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Look before you lock to prevent tragedy

Posted on Jul. 31, 2014 ( comments)
Hot Sun
 A parked car can reach 125 degrees in minutes on a hot day.
It only takes 10 minutes for a car to reach a deadly temperature for a child trapped inside. 

A parked car can reach 125 degrees in minutes, even when the windows are partially open. Children are especially vulnerable to heat stroke, as their body temperatures rise three to five times faster than an adult's. 

To prevent injuries and deaths of children left alone in hot cars, child advocacy groups including and the National Highway Traffic Safety Administration (NHTSA), named today National Heat Stroke Prevention Day. 

The goal of this day is to raise awareness and encourage conversation about the dangers of leaving children in hot cars. 

Leaving or forgetting a child in the backseat of a car on a hot day might be hard to fathom for many parents. But it happens more often than you might think. The NHTSA reports 44 children died in 2013 because they were left unattended in a hot vehicle. 

Seventeen children have died in hot cars so far this year. 

One of those victims was a 10-month-old baby in Wichita, Kansas.  Her foster father forgot her in the car for two hours on a 90-degree day. He said he simply forgot the baby was in her car seat. offers Look Before You Lock tips to help parents prevent tragedy:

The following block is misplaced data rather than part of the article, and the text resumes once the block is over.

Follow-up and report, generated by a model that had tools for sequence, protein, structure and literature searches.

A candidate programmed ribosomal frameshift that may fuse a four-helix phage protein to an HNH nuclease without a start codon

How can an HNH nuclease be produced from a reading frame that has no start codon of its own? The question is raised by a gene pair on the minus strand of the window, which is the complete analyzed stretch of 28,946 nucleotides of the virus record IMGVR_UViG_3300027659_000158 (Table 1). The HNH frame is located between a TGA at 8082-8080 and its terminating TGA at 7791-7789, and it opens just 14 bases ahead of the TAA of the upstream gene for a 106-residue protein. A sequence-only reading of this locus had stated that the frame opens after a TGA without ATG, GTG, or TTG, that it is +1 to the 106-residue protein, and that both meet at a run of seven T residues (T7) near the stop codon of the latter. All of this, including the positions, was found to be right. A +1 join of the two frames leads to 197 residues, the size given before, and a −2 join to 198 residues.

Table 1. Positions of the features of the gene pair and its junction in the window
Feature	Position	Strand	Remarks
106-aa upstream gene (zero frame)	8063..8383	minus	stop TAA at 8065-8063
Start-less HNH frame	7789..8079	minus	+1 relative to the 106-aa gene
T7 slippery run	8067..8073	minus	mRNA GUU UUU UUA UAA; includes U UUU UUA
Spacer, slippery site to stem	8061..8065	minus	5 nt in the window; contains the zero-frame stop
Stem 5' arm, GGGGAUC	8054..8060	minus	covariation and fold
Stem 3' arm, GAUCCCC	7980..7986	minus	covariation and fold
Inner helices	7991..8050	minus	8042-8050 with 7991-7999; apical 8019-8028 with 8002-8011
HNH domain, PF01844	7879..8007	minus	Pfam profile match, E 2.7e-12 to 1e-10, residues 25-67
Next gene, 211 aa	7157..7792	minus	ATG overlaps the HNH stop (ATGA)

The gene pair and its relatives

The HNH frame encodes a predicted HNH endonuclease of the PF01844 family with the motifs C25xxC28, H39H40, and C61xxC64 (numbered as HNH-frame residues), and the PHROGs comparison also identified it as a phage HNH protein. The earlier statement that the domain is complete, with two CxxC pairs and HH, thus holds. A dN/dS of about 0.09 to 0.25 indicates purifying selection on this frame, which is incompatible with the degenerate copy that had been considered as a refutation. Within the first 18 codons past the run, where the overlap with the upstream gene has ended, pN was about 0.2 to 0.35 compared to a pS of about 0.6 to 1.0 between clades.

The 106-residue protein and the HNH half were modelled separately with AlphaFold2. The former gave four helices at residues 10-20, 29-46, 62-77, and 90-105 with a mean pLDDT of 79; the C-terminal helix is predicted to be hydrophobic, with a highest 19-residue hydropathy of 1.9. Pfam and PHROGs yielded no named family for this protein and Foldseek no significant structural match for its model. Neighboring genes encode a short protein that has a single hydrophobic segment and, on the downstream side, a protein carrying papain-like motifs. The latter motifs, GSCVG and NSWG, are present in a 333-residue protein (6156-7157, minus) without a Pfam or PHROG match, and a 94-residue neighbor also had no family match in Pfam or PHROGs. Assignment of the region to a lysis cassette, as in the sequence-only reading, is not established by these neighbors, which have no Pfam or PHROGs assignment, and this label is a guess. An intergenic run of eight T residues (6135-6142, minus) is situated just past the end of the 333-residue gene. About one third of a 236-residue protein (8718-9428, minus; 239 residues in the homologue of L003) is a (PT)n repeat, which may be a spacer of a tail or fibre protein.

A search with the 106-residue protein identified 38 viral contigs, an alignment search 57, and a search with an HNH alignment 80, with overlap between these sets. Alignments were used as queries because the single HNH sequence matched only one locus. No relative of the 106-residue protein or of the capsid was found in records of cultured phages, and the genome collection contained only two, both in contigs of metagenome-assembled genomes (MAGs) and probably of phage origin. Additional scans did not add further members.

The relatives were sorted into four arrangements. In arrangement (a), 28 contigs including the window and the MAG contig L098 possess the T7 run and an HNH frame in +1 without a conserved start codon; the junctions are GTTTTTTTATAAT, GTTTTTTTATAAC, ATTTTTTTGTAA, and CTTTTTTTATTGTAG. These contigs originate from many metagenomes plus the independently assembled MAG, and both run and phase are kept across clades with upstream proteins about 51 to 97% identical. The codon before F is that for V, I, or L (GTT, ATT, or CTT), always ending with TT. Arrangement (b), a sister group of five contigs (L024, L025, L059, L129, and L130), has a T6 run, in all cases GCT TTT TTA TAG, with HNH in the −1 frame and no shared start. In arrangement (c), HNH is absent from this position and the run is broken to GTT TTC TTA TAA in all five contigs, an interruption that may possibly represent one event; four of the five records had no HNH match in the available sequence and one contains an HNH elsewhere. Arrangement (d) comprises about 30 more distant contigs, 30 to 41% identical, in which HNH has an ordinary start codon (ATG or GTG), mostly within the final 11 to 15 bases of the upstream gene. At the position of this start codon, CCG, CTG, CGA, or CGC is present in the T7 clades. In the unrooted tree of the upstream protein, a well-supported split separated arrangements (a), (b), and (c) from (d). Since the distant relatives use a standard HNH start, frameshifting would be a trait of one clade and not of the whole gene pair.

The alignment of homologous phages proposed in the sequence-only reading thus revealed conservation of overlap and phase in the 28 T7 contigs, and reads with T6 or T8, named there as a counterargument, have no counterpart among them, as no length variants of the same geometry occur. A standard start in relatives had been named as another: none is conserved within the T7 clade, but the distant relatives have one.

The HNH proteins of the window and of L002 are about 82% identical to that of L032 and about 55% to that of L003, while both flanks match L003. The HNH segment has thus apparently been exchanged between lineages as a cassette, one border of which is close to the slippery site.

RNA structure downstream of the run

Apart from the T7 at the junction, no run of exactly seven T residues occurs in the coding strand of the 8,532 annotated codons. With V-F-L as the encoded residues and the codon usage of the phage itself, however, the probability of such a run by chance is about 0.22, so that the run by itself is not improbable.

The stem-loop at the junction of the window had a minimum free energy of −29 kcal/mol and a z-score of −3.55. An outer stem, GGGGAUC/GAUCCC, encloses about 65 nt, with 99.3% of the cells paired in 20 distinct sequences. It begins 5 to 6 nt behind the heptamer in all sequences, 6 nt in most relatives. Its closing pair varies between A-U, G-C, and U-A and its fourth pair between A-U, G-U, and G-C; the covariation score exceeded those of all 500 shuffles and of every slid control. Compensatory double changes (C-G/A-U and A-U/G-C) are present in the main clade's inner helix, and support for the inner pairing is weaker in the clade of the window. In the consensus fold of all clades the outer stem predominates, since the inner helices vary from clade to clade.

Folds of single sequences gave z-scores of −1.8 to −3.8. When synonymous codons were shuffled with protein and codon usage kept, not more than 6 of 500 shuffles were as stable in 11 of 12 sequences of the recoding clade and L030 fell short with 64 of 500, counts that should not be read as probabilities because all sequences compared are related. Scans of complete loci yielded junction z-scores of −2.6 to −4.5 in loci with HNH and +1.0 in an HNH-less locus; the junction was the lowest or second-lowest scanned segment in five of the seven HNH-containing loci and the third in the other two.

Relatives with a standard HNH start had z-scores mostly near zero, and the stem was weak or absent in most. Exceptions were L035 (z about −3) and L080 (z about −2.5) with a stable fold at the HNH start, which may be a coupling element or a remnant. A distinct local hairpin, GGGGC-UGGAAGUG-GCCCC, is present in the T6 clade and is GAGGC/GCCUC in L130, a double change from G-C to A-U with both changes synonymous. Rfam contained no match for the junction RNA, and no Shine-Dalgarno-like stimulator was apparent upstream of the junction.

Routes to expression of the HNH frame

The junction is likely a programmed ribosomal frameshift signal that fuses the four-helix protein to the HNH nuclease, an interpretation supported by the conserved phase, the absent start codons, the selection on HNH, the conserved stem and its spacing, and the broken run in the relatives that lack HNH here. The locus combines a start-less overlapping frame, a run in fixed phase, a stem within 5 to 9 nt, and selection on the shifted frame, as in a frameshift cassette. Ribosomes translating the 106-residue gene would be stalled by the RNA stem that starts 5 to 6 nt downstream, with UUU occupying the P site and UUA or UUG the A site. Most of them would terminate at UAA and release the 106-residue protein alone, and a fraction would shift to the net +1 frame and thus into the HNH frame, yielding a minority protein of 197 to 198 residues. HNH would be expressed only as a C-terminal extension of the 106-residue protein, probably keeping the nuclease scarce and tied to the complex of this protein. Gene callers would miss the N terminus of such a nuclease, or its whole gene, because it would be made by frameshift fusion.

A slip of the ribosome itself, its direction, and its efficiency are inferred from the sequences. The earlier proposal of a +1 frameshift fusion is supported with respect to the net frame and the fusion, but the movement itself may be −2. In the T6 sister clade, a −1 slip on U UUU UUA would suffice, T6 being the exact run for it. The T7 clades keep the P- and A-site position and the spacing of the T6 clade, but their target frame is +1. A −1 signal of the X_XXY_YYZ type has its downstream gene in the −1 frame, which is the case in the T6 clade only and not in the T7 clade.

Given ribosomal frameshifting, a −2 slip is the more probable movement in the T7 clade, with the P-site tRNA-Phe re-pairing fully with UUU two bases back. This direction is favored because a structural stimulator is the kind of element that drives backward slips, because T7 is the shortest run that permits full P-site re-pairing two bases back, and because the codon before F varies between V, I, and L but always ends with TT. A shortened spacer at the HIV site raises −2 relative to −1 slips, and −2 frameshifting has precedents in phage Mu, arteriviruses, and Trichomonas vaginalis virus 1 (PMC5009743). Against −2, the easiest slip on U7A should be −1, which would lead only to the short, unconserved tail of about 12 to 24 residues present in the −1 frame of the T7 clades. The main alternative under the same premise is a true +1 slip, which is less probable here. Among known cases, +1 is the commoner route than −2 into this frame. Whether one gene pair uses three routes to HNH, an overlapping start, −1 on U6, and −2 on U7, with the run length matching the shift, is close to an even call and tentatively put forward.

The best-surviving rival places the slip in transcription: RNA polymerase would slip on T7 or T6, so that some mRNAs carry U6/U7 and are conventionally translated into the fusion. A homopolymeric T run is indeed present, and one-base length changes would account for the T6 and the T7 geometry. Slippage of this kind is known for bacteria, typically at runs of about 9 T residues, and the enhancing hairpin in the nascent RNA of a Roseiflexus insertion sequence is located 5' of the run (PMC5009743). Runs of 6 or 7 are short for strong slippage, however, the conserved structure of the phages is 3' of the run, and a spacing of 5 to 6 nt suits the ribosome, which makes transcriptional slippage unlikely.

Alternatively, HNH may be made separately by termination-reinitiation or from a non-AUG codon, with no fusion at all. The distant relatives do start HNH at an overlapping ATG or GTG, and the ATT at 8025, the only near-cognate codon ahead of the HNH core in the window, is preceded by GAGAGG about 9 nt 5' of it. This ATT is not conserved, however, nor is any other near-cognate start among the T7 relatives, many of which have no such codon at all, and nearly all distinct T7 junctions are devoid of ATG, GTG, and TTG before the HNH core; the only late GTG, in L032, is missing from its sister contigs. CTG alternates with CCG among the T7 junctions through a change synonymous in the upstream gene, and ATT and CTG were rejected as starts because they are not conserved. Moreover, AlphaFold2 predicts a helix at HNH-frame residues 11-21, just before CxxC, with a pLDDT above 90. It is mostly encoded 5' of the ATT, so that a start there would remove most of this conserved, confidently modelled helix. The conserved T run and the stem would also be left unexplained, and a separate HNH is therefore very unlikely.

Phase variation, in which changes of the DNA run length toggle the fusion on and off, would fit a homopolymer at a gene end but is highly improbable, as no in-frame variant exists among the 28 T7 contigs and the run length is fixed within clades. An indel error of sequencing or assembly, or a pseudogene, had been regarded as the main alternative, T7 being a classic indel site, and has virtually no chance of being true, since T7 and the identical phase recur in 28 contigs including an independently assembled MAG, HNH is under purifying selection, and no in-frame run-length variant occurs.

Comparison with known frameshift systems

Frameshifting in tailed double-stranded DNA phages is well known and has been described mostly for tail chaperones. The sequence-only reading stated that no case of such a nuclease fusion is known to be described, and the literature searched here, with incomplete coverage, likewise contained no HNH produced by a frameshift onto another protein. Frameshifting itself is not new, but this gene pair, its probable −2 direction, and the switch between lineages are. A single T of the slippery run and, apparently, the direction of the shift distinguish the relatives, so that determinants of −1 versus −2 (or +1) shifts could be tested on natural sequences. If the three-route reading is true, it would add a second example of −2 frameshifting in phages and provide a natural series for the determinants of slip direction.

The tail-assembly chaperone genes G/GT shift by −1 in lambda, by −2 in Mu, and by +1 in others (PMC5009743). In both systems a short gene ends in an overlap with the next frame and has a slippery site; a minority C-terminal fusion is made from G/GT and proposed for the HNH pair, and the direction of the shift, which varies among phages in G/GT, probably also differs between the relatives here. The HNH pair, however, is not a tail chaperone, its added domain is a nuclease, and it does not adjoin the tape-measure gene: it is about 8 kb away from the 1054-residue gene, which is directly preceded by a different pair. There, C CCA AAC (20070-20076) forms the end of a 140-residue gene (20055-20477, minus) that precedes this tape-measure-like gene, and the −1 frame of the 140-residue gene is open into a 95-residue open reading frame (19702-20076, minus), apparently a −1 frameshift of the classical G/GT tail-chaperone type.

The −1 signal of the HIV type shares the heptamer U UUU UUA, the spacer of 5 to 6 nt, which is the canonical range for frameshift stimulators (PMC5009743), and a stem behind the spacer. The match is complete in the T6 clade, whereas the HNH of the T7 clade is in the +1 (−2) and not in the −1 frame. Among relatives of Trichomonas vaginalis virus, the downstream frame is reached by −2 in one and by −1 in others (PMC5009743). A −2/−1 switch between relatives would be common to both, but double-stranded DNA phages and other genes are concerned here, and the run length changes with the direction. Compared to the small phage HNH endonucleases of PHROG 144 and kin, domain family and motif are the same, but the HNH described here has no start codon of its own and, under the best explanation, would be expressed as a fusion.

• Get in the habit of always opening the back door of your vehicle every time you reach your destination to check to make sure no child, or pet,  left behind
  • Keep a large stuffed animal in the child's car seat. Right before the child is placed in the seat, move the stuffed animal to the front passenger seat as a visual reminder that your child is in the back seat
  • Put something you'll need on the floorboard in the back seat in front of your child's car seat (cellphone, handbag, employee ID, briefcase, left shoe, etc.). This ensures you open the back door of your vehicle to retrieve your belongings
  • Make arrangements with your daycare provider or babysitter to call you within 10 minutes if your child does not arrive as expected
  • Never leave children alone in or around cars, not even for a minute. Instead, use drive-thru services when available
  • Keep vehicles locked at all times, even in the garage or driveway, and keep car keys and remote openers out of reach of children
  • When a child is missing, call 911 and check the inside of vehicles and car trunks immediately.
You can be a part of the National Heat Stroke conversation by using the hashtag #heatstroke on social media.

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Jen Rittenhouse Jen Rittenhouse
Jen is our social media specialist. She writes stories that connect people with hospitals, health care and each other. You can reach her at

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